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Opposition grows as Liberals fight backlash on jobs funding

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  • January 16, 2018

OTTAWA – Despite escalating opposition from a growing array of charities and faith groups, the Liberal government is not backing down on demands that Canada Summer Jobs applicants sign a pro-abortion attestation.


Confusing statements from the Prime Minister and the Employment Minister seem to take a softer stand, but the requirement to endorse the government’s abortion policy remains on the online funding application. It is impossible to complete the application form without ticking a box that states the applicant accepts Liberal ideology on abortion and gender politics.

Justin Trudeau told a town hall meeting in Hamilton Jan. 10 religious groups should still apply for the program, calling them “an important and wonderful part of our society.”

But he also restated his view that groups with “the explicit purpose of restricting women’s rights by removing rights to abortion and the right for women to control their own bodies is not in line with where we are as a government and, quite frankly, where we are as a
society.”

The attestation compels applicants to agree with legal abortion and gender identity policies. If the attestation is not checked off, the application is considered incomplete and will not be considered. Applications for summer jobs grants close Feb. 2.

Employment Minister Patty Hajdu told journalists she thought the process was fair and claimed many faith groups were comfortable checking off the attestation because “their core mandate is actually, for example, administering the word of God, or administering spiritual guidance for people. … These are the kinds of things that, if you look at the core mandates of faith groups, that they talk about.”

Hajdu said the government was working closely with faith groups to “make sure that they understand that as long as their core mandate is not in violation of Canadian human rights and the Charter of Rights and Freedoms, and it’s not violating a woman’s ultimate right to control her own body, that they should have absolutely no problem receiving grant money, provided they, you know, fill out the application properly.”

The Christian lobby organization Association for Reformed Political Action (ARPA) Canada believes the government wants to prevent groups engaged in anti-abortion activism from receiving funding, but “its attestation requirement is having a wider effect.”

“The problem is the attestation asks employers to respect reproductive rights,” said ARPA on its website.

“The distinction Trudeau wants to draw between belief or expression and acting on those beliefs does not appear in the attestation. Many pro-life individuals, whether a part of a pro-life organization or an unrelated business, look at that statement and say it is against their conscience to sign something that says they respect reproductive rights.”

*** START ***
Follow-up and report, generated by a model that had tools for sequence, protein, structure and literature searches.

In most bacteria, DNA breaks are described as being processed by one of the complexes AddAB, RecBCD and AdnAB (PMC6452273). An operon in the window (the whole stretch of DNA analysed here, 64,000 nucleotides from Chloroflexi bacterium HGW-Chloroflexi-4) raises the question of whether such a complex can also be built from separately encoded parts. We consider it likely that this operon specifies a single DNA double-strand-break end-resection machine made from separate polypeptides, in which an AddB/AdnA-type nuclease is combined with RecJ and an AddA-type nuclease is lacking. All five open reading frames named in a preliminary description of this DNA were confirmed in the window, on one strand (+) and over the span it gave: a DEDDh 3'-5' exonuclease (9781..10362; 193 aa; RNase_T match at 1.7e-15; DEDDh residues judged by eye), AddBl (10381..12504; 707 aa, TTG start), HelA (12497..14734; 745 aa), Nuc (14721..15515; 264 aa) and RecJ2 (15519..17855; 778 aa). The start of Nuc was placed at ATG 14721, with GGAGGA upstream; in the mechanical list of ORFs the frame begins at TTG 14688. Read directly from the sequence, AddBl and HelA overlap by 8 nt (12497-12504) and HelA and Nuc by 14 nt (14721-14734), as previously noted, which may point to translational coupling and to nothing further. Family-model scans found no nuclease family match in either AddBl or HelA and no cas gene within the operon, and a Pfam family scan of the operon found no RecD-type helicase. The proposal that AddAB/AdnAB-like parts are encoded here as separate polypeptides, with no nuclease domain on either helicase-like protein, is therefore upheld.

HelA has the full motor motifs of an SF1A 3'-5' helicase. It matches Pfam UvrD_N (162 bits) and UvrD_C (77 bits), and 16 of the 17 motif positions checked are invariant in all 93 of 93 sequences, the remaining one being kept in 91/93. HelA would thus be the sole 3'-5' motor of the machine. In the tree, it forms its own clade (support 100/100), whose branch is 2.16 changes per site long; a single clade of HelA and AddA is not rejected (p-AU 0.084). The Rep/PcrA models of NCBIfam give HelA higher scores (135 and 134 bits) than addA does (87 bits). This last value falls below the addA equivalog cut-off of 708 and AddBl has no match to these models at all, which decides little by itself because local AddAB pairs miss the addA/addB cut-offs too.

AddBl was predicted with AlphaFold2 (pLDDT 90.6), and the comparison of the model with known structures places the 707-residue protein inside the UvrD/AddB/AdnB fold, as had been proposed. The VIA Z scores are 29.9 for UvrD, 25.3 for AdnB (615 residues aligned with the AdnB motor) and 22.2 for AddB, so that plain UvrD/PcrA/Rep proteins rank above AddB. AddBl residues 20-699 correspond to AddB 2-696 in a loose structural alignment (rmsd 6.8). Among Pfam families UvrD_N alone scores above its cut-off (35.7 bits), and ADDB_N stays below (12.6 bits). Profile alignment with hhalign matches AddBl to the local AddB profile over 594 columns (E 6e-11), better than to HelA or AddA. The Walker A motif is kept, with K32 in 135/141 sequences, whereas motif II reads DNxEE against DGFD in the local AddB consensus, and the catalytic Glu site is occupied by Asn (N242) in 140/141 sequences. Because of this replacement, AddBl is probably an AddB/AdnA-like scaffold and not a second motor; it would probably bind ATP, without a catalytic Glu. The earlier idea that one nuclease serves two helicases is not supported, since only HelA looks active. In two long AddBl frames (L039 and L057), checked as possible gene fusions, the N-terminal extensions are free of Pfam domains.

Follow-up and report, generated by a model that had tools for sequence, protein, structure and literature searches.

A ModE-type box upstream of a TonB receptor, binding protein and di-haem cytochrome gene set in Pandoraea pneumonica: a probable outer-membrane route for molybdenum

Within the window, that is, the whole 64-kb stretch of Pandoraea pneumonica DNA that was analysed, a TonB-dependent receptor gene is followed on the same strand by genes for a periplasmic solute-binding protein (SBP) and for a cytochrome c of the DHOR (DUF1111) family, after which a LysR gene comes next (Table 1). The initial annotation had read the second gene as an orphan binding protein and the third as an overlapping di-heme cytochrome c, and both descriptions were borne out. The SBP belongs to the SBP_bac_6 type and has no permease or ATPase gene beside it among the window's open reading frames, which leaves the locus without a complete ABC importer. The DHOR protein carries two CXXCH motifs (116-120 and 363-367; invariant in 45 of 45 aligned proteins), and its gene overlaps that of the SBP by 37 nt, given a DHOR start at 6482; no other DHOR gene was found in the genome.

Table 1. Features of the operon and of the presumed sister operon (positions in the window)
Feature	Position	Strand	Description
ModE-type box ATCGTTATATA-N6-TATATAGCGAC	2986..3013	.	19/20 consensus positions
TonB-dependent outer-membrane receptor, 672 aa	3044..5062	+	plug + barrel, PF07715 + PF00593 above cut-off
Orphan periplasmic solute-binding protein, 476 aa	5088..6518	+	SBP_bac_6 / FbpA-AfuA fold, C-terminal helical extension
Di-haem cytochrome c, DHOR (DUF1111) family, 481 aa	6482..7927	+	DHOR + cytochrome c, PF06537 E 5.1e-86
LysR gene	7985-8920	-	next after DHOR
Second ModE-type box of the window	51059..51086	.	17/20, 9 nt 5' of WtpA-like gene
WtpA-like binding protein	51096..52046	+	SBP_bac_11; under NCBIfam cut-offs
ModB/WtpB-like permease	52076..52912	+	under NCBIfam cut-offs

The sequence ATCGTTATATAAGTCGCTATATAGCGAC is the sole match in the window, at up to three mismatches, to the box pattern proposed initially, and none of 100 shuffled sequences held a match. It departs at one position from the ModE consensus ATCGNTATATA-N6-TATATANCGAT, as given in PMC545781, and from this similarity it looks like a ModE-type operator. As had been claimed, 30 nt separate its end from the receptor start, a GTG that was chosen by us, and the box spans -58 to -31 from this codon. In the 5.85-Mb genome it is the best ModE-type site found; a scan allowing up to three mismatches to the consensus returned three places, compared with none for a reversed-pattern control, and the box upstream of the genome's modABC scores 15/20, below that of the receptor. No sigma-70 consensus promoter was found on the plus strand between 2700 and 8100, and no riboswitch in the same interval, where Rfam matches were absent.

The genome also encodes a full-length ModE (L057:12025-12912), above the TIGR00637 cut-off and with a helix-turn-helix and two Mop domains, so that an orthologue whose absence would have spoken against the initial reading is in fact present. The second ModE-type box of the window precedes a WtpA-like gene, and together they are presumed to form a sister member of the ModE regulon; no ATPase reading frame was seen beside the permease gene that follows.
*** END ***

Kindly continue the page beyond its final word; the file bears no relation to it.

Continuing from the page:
As the application is currently worded, no Catholic organization could sign it, said the Catholic Civil Rights League in a statement. 

“Based on the government's newly proclaimed policy, it is not enough that employers respect and observe the laws of Canada, they must affirm loyalty to a set of values which they may find deeply wrong,” said the statement. “Any Catholic individual or organization, which professes fidelity to the teachings of the Church, cannot make this affirmation, and is thereby excluded from a program which should be open to all law-abiding organizations.

“We call upon the government to revoke this unconstitutional and deeply offensive provision immediately,” said the League. “Canadians of all faiths must recognize what is at stake.”

The Toronto Right to Life Association, a group that has received summer jobs funding in the past, has sued the government over the policy.

The Canadian Conference of Catholic Bishops (CCCB) slammed the new policy as an “infringement” on religious freedom and freedom of conscience.

“This new policy conflicts directly with the right to freedom of religion and conscience which too are enshrined in the Charter of Rights and Freedoms as well as in associated case law,” the CCCB said. “It seriously undermines the right to religious freedom since the Government of Canada is directly limiting the right of religious traditions to hold, teach and practise their principles and values in public.”

However, a spokesperson for Hajdu maintains “there is a difference between an applicant’s beliefs and an applicant’s core mandate for the job funding.”

“The fact that an organization is affiliated with a religion (which may hold a range of views, beliefs or values) does not itself constitute ineligibility for this program,” Matt Pascuzzo, press secretary to Minister Hajdu, wrote in an email.

“As in previous years, religious and faith-based organizations are encouraged, welcome and eligible to apply,” Pascuzzo said. “Applicants are not asked to provide their views, beliefs or values as these are not taken into consideration during application for the program. Faith-based groups are required to meet the same eligibility criteria as any applicant.”

The CCCB has joined the Evangelical Fellowship of Canada (EFC), the Canadian Council of Christian Charities (CCCC) and other organizations in attacking the policy that was announced just before Christmas.

The EFC has heard from more than 160 groups and charities that will be affected. The CCCC has said it is has received many complaints and is advising groups to use a “paper process” to apply, so their application will not be automatically voided. The groups are advised to write their own attestation of support for the Charter without affirming agreement with abortion.

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